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St. David's North ER resumes normal operations after fatal crash into building

Orange traffic cones are seen blocking the drive to the emergency room at St. David's North Austin Medical Center. A white truck is parked farther back in front of glass doors that have been boarded up with plywood from where a car crashed through Tuesday night.
Michael Minasi
/
KUT News
Doors have been boarded up with plywood after a car crashed into the emergency room at St. David's North Austin Medical Center on Tuesday.

The emergency room at St. David’s North Austin Medical Center has resumed normal operations after a car crashed through the facility's front doors Tuesday evening. One person died and five people were injured.

The Austin Police Department's Vehicular Homicide Unit is investigating the incident but reported that it did not appear to be an intentional act based on preliminary details. In follow-up remarks Wednesday, APD Public Information Officer Ariel Crumes said there was also no indication the driver suffered a medical episode.

Crumes identified the driver of the vehicle as Michelle Holloway, a 57-year-old woman. Holloway was pronounced dead on the scene after CPR was attempted.

Austin-Travis County EMS Chief Rob Luckritz said at a Tuesday press conference that ATCEMS received a 911 call at 5:38 p.m. reporting that a vehicle had crashed into the hospital’s ER, located just north of the Domain. The Austin Fire Department and APD also responded. The situation was initially declared a Level 4 Mass Casualty Incident, meaning “upwards of 10” patients may have been on the scene.

According to ATCEMS, six individuals were injured. One patient was treated onsite before being discharged and four were transported to other hospitals. Two children and one adult were sent to Dell Children’s Hospital, including one child with critical injuries. An adult with critical injuries was sent to St. David’s Round Rock hospital. Dr. Peter DeYoung, chief medical officer for St. David's North, said Wednesday that the adult with critical injuries had stabilized, but he was unable to give an update on the other patients.

DeYoung initially said eight patients being treated in the ER before the crash would be sent to other facilities, although they were not injured in the incident. An ATCEMS representative clarified on Wednesday that only five additional patients were ultimately transported to St. David's Round Rock.

“They're being moved just to allow us to decompress the emergency department,” DeYoung said Tuesday.

DeYoung said the crash caused damage to the outside doors of the building, as well as a large fish aquarium inside the ER lobby, but that otherwise the facility appeared to be in good condition. On Wednesday, he said the aquarium may have protected the facility by absorbing much of the crash's impact.

DeYoung also praised members of the hospital's staff who jumped into action during the crisis, calling them "superheroes."

"People descended from all parts of the hospital to rally together and to jump into what was a very unknown and dangerous situation," he said. "We had three team members that when the vehicle entered into the lobby, it was in drive and running, and they put their life in harm's way and stopped the car from running and did their best to preserve life for the driver."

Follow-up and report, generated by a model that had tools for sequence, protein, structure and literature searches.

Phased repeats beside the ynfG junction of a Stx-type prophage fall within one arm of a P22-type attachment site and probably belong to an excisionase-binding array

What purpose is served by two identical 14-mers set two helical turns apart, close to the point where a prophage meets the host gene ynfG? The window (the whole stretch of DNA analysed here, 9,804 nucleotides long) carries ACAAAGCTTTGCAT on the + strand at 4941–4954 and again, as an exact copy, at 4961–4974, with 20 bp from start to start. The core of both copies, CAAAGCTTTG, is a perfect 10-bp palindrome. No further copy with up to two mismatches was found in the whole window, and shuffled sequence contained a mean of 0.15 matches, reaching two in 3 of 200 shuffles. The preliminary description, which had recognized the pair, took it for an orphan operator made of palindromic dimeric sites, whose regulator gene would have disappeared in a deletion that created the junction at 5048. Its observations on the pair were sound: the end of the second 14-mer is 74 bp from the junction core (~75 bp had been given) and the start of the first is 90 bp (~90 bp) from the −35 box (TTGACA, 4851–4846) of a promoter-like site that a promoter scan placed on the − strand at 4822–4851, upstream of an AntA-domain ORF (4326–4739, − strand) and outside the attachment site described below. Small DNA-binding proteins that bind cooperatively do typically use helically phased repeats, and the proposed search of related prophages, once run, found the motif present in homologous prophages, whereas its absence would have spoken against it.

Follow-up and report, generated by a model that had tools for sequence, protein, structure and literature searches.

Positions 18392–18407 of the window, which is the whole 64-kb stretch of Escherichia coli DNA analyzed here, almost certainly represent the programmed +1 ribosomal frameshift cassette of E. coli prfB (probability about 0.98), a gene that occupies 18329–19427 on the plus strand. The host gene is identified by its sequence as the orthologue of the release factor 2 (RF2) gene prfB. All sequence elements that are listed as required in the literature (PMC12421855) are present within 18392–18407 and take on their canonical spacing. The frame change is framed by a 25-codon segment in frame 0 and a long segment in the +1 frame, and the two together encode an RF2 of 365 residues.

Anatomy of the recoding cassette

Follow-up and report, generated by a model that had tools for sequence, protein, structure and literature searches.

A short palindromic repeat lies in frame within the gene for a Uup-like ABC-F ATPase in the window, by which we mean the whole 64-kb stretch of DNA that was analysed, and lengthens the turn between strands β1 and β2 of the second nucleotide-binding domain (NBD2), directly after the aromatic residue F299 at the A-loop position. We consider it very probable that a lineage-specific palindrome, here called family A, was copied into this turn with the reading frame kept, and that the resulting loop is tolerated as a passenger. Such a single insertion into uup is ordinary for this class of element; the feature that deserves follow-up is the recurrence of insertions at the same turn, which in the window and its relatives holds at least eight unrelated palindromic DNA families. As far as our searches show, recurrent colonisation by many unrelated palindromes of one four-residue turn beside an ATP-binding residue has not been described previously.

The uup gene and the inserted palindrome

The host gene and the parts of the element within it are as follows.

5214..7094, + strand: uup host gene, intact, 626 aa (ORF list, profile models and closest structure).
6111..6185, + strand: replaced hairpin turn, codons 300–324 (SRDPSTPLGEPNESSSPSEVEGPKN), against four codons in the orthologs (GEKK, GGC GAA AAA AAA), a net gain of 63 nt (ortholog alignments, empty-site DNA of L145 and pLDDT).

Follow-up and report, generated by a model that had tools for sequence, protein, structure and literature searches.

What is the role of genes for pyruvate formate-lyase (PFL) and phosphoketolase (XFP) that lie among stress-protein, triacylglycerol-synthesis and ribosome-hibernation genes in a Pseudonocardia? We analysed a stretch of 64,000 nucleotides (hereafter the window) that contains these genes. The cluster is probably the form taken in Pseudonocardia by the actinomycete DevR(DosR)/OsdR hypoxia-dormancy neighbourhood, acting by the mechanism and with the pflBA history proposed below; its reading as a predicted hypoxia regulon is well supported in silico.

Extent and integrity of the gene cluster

DeYoung said three staff members at St. David's North had minor injuries.

The ER was closed to ambulances Tuesday night but continued to accept walk-ins. As of 7 a.m. Wednesday, the facility resumed accepting EMS transports.

Operations in other areas of the hospital were not affected. However, the hospital's North entrance is temporarily closed, and staff and patients are asked to enter through an alternate entrance. Patients who are arriving for surgery should use the hospital's West entrance, DeYoung said.

Andrea Malloy, a KUT employee, was on the fourth floor visiting her mother when the crash occurred. About an hour after she arrived, she said smoke alarms began sounding. Nurses alerted Malloy and other visitors that they were entering lockdown due to an unfolding incident.

It wasn't until Malloy and her mother turned on the TV at 7 p.m. that they knew what happened.

"There was news coverage about the incident, and we could see what was actually happening downstairs, four floors beneath us," she said. "Then the smells started to make sense — like the smell of tires, sort of like the smell of the aftermath of a car crash."

Malloy said she was allowed to leave around 8 p.m. When she exited through the atrium, she could see into the ER lobby.

"It did look like an explosion happened. The floor was all wet," she said. "I could tell a vehicle was lodged into the wall area. Chairs were everywhere. Medical equipment was everywhere. Glass was everywhere."

Malloy complimented the nurses working on the fourth floor for keeping things calm.

"It was remarkable that they all just like kept their heads about them," she said. "They made us feel like, 'Oh, it's no big deal. We've just got to do some cleanup downstairs.'"

Olivia Aldridge is KUT's health care reporter. Got a tip? Email her at oaldridge@kut.org. Follow her on X @ojaldridge.